He’s Popeye the soldier man

Meet Bernard Bresslaw, one of the stars of Granada’s The Army Game

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From the TVTimes for week commencing 12 January 1958

NO, Bernard Bresslaw — Popeye of The Army Game — isn’t as goofy as all that. It’s just that he’s 6ft 5in tall, has an adenoidal voice, big eyes, and tends to leave his mouth open…

But one can’t kelp making good-humoured fun of Bernard — his looks and personality naturally invite it.

The other day, for example, a man introduced his young daughter to Popeye. She had insisted to her father that Popeye couldn’t really be so silly. “Say something,” ordered the girl. Bernard said something. The poor girl went away with an even more puzzled air. To be proved wrong at that age can be shattering…

Of course, being so tall isn’t all fun. People tend to pick on you. Till last season, Bernard used to play rugby. He was a wing forward, one of the most vulnerable men. Opponents used to look his team over, then the whisper would go round: “Better get that big feller down hard to start with or he might be a trouble.” First time he touched the ball, down he would go under a pile of writhing bodies.

Bernard Bresslaw
Bernard Bresslaw as Private (Popeye) Popplewell in “The Army Game”

It was the same in the Army. Bernard didn’t find it half such fun as the television one. People always used to pick on the tall RASC driver clerk.

But Bernard showed them. He turned to good account his natural ability to play the part of an “oaf.” His first big part was that of a simple country boy in the Irish farce The McRoary Whirl. This was one of the few occasions he has worn a suit on stage — a sky-blue suit to go with his off-white camel-hair coat and white cap.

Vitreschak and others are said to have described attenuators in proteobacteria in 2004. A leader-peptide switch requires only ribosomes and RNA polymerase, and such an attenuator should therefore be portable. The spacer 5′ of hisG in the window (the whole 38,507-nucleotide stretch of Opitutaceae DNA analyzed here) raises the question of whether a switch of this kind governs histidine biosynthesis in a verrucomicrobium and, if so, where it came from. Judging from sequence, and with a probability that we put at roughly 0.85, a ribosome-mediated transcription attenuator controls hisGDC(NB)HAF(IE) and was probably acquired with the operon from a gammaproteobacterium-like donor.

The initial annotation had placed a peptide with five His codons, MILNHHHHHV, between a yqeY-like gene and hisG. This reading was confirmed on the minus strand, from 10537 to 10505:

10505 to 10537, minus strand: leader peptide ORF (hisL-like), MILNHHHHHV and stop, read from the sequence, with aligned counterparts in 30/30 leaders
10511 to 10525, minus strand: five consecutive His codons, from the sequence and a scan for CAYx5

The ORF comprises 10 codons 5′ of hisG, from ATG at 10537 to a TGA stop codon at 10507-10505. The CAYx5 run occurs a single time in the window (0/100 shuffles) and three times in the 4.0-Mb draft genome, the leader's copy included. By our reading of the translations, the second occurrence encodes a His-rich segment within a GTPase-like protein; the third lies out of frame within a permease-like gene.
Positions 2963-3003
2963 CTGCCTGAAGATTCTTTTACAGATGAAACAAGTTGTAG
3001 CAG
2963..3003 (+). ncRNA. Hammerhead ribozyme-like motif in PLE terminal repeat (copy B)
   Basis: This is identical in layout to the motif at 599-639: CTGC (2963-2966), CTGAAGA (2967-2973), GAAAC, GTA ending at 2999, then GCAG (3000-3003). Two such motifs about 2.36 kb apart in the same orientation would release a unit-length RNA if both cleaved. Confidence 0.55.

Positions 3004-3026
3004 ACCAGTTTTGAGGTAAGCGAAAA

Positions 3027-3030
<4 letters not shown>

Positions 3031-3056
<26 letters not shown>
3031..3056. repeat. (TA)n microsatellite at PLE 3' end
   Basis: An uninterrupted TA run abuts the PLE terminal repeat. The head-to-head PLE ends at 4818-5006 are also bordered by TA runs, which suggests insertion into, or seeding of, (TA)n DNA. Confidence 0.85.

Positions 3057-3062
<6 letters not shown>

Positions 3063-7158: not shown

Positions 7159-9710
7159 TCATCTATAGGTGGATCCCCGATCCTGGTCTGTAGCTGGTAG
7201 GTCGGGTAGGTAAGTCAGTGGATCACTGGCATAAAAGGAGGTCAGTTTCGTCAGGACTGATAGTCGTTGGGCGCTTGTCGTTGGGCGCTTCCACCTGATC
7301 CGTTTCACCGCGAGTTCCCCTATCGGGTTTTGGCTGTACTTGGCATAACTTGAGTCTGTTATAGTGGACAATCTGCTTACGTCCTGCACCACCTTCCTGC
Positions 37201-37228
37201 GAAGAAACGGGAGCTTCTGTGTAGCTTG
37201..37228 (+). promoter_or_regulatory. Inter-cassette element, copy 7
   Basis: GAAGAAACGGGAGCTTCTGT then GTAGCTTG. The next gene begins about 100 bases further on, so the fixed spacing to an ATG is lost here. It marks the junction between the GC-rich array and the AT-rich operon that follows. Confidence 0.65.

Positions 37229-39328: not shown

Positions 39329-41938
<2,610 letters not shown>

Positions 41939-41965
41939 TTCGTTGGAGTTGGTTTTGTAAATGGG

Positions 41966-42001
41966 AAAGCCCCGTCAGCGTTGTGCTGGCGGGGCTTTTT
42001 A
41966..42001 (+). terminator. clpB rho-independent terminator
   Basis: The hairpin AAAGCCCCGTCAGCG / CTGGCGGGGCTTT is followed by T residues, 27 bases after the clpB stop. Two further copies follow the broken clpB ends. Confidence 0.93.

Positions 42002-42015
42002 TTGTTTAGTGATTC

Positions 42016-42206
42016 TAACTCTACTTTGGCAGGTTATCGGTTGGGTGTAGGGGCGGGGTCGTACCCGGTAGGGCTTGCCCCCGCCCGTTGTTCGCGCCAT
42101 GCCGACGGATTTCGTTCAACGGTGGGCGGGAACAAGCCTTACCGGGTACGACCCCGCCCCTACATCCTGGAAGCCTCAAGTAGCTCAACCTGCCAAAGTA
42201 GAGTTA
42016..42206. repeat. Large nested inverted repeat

The play lasted only three days in London’s West End. But it was a good blooding for Bernard.

Previously he had been cast in the Royal Academy of Dramatic Art students’ annual public show. It was Christopher Fry’s Venus Observed, and was put on at the Phoenix Theatre. He didn’t play an oaf then. In the audience was the director of Windsor Repertory, who heard complimentary remarks about Bernard made by Fry, who was sitting next to him.

When Bernard wrote to Windsor Repertory for a job the director gave him a part in The McRoary Whirl.

Bernard left the Academy with the Emile Littler Prize.

He did a couple of tours before The McRoary Whirl, but then began to find doors closed to him with “You’re too tall.” They couldn’t say that, though, when he was auditioned for the part of a guardsman in the television play Who Goes There? In this part, people really began to appreciate what a perfect oaf he made.

But oafishness is not the only weapon in Bresslaw’s armoury. He recently played a brute in a Mark Saber thriller film on ITV.

A man swoons into another's arms as his boss takes his pulse
Popeye collapses – and is caught by Cupcake (Norman Rossington), while William Hartnell, as Sgt Major Bullimore, feels his pulse… with dark suspicion

Bernard’s friends say he makes a lovable goof; others say he’s a “natura” as a psychopathic case. And it was as the latter that he appeared in the Mark Saber production, going so far as to shoot a poor old lady’s dog.

He believes his public will accept him in this sort of role. One admirer wrote him saying she didn’t like Popeye nearly so much since he had shot that dog. I don’t know whether that means she accepts his other guises or not, but at least she really lives them all with him. I wonder what she’ll think if she sees Bernard in his current film role as a bearded sneak-thief in Blood of the Vampire?

Though 23-year-old Bernard doesn’t mind playing the fool, he would like to develop his other capabilities. He doesn’t yearn to play Hamlet, but he does want to play Shakespeare.

Another ambition is to play in pantomime. Any combination of Idle Jack and Buttons would do.

Who knows? Under that amiable and “vacant” exterior may beat the heart of a great Shakespearean actor. What would Cupcake think of that?

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